Leader of the Chinese Communist Party

Chinese ruling party official / From Wikipedia, the free encyclopedia

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The leader of the Central Committee of the Chinese Communist Party is the highest-ranking official and head of the Chinese Communist Party (CCP). Since 1982, the General Secretary of the Central Committee is considered the party's leader. Since its formation in 1921, the leader's post has been titled as Secretary of the Central Bureau (19211922), Chairman (19221925, 19281931, and 19431982), and General Secretary (19251928, 19311943, and 1982 onwards).

Quick facts: Leader of the Central Committee of the Chines...
Leader of the Central Committee of the Chinese Communist Party
Simplified Chinese中共中央主要负责人
Traditional Chinese中共中央主要負責人
Literal meaningCPC Central Committee primary responsible person

By custom the party leader has either been elected by the CCP Central Committee or the Central Politburo.[1] There were several name changes until Mao Zedong finally formalized the office of Chairman of the Central Committee.[1] Since 1982, the CCP National Congress and its 1st CC Plenary Session has been the main institutional setting in which the CCP leadership are elected.[1] From 1992 onwards, every party leader has been elected by a 1st CC Plenary Session. In the period 1928–45 the CCP leader was elected by conference, meetings of the Central Committee or by decisions of the Politburo.[1] The last exception to this rule is Jiang Zemin, who was elected at the 4th Plenary Session of the 13th Central Committee in the aftermath of the 1989 Tiananmen Square protests and massacre.[2] Currently, to be nominated for the office of general secretary, one has to be a member of the CCP Politburo Standing Committee.[3]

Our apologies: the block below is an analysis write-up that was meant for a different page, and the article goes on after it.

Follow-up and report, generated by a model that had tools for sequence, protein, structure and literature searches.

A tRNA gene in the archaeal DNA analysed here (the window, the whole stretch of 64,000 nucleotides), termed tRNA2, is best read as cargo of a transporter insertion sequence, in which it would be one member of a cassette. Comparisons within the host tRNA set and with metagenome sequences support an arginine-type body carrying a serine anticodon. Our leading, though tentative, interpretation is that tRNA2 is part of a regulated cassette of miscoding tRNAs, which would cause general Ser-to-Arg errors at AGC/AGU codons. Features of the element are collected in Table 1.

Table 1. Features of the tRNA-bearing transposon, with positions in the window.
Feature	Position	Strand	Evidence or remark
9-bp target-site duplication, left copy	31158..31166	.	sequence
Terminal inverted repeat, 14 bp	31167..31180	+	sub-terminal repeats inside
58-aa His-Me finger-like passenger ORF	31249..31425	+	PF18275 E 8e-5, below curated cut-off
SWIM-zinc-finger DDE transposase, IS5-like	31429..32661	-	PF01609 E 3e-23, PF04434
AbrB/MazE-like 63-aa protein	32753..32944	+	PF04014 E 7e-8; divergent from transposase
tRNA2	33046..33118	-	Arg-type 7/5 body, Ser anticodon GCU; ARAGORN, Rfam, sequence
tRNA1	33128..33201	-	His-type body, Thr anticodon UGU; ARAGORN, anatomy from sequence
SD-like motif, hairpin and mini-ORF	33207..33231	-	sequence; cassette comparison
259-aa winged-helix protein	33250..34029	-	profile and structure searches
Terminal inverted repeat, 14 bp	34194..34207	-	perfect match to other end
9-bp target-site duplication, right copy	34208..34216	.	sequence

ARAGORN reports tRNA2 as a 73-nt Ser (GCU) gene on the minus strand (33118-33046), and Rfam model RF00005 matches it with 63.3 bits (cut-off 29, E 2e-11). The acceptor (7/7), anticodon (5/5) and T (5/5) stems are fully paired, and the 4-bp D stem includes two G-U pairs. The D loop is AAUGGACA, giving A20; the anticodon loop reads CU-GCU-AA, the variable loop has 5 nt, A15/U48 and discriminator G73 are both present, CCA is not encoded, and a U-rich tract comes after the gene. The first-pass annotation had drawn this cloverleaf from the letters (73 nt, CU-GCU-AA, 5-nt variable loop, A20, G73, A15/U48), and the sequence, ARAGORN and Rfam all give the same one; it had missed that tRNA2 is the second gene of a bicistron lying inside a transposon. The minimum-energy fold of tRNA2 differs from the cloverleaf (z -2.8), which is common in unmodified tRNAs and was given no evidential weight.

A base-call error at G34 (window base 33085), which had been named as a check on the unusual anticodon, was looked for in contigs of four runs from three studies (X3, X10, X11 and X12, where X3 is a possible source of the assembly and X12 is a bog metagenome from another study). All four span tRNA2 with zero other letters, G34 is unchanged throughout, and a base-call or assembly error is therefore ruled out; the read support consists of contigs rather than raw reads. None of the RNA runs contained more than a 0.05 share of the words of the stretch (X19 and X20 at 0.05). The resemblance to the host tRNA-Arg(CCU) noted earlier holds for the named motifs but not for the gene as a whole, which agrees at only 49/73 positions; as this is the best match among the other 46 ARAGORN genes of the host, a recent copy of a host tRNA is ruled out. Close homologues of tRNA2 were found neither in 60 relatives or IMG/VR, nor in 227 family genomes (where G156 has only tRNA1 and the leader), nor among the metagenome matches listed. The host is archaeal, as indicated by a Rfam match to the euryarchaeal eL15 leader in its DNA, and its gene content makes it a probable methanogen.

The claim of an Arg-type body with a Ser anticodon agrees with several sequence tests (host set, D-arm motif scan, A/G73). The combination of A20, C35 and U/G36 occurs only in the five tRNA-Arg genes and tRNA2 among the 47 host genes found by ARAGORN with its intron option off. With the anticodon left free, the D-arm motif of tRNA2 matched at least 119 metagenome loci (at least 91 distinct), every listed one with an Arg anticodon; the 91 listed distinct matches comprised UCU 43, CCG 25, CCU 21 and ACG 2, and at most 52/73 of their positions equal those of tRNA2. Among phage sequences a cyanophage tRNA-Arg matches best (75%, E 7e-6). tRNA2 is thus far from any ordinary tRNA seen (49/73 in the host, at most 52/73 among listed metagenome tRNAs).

Despite breaching the Constitution of the Chinese Communist Party, several individuals (who are not included in the list) have been de facto leaders of the CCP without holding formal positions of power.[4] Wang Ming was briefly in charge in 1931 after Xiang Zhongfa was jailed by Kuomintang forces, while Li Lisan is considered to have been the real person in-charge for most of Xiang's tenure.[4] Deng Xiaoping is the last CCP official to achieve this; he became de facto leader of the CCP and paramount leader of China despite having never served as chairman or general secretary, his highest post being Chairman of the Central Military Commission (commander-in-chief). [5]

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